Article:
REVIEW: DANICA DARES - CURATING THE LUNATIC
A daring debut from the lockdown
Danica Dares can be summed up in one word: intriguing. When I first sat down and listened to one of their singles back at the start of the year, I was met with something that's not usually on my radar; an atmospherically pleasing sound wrapped in a blanket of chorus, reverb and synths, akin to the more experimental work of The Cure. There's been a nostalgia craze since the early 2010s, but rather than hopping on the gravy train, Danica Dares have adopted the tonalities of the alternative 80s sound and given it just enough pop sensibility for it hook you in. The band, formed during the first UK lockdown due to a chance meeting online, is comprised of vocalist Harriet McBain, Jon Haines on bass and electronica and Richard Sanderson on guitars, and the trio definitely gel well enough to bring out the best of each other, so Curating The Lunatic has a lot to live up to.
Opener "Giving It Away" is a strong start for the album, though it's not your conventional first cut on a record, as it sets up more of an atmospheric tone for the remainder tracks rather than smashing straight out of the gate with a thumping attitude. This works perfectly for the band, as the tune has a very hooky vocal rhythm and swaggering chorus guitar, akin to something from Disintergration. We get our thumper in the following track "Feral Kids", but we also get our first taste of McBain's poetic spoken word style, and it's a brilliant curveball. Her performance on this track is simply astounding; the way she bursts in the chorus and carries is impressive as fuck. "Paranoia Party" was one of the first submissions we had when we launched the website, and it hasn't lost its charm. The crescendo, the immediate stop, the swelling and stabbing synths; it's all killer. "Run", featured on yesterday's Fresh Meat article, is a similarly moody and atmospheric number, yet still has that catchiness to keep you listening. But it's "Fini" that has become the standout track for me, with a pulsing open before kicking into a verse that reminds me of A Flock Of Seagulls if they were fronted by Debbie Harry. McBain is on top form as well, her vocals literally soaring throughout the song thanks to some inventively used reverb, and it's cloaked in an 80s pop veneer that gives it an elevated spark that burns bright.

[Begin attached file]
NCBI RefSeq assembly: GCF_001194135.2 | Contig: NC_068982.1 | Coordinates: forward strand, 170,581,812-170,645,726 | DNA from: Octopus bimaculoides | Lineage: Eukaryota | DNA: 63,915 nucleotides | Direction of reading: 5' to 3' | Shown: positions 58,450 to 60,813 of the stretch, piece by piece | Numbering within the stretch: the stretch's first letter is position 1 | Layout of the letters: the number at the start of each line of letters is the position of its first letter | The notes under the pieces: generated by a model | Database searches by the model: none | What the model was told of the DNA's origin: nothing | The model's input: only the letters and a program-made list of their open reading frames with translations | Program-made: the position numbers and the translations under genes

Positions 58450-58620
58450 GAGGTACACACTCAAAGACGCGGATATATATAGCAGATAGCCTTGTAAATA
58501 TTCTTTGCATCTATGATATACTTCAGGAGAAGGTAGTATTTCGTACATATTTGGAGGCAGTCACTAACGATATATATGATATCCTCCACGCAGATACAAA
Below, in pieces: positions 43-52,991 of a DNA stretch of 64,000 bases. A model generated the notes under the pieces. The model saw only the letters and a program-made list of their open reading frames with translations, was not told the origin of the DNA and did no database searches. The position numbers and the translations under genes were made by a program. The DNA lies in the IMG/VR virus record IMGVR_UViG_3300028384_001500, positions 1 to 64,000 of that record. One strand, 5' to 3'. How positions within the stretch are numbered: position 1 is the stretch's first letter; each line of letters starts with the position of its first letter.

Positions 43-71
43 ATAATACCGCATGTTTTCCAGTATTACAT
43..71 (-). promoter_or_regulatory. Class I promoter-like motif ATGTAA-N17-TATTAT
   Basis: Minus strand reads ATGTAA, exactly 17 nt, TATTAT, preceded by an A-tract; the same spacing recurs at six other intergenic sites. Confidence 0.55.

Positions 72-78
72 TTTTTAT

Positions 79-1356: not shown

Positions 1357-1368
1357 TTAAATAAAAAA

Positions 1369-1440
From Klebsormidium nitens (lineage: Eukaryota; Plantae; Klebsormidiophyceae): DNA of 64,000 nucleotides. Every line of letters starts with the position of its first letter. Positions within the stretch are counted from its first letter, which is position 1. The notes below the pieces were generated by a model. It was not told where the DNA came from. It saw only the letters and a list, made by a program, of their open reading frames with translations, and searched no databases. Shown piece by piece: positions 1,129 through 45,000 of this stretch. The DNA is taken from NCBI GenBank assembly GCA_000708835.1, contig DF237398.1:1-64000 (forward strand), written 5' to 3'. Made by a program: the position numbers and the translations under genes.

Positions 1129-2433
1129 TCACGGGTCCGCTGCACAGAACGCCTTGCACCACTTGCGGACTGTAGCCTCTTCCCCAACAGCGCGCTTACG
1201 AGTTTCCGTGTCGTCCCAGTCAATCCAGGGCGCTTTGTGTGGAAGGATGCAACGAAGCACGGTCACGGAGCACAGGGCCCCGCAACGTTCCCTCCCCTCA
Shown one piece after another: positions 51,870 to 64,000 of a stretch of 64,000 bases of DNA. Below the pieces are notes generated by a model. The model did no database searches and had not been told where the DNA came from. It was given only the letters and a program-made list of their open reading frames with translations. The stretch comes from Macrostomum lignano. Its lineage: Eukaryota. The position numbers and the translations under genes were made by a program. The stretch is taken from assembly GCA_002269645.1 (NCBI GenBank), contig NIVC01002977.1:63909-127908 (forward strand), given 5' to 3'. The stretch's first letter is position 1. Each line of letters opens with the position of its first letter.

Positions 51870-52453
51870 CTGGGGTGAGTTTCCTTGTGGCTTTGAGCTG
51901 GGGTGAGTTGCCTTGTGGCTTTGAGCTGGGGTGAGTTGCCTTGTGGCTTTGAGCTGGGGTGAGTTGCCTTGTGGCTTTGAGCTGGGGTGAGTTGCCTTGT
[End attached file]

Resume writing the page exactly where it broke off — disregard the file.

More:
However, as good as this project is, there's room for improvement. The production can, at times, feel a little lacking in the instrumentals, though I'd guess that this is because the entire album was made completely remotely. The production overall isn't bad, I just know it could sound richer with a bit more scope and touching up. McBain's natural vocal ability carries a lot of the record, and she can't be faulted, although on tracks like "Bullets" and "Don't Matter", it's not enough to give them the power that the rest of the record has, and they don't hit as well as a result. Nevertheless, Danica Dares have a fruitful career ahead of them, and I'm excited to see what they can do on a more grandiose scale. They do prove themselves time and time again on the album though, and it's no different when it comes to closing track "Conversational Bypass", a low-key six-minute epic that serves as another Dry Cleaning/PJ Harvey-style spoken word stream of consciousness for McBain, and she doesn't disappoint in closing the album in style. Amongst Haines' simple yet interesting beats and synth work and Sanderson's droning lead guitar, it's a fantastic effort, and serves as a suitable ending to the album.
Overall, Curating The Lunatic is an astonishing debut, and promises only greater things for the trio in the future. It's refreshing to see a group of people who met in a chance meeting online coming together during a tumultuous time to create music that's personal yet relatable. With a greater scope and less restrictions, they can do massive things. But for now, for Danica Dares, this is just the start of something excellent
Listen to: Run, Conversational Bypass, Fini
FFO: The Cure, Dry Cleaning, PJ Harvey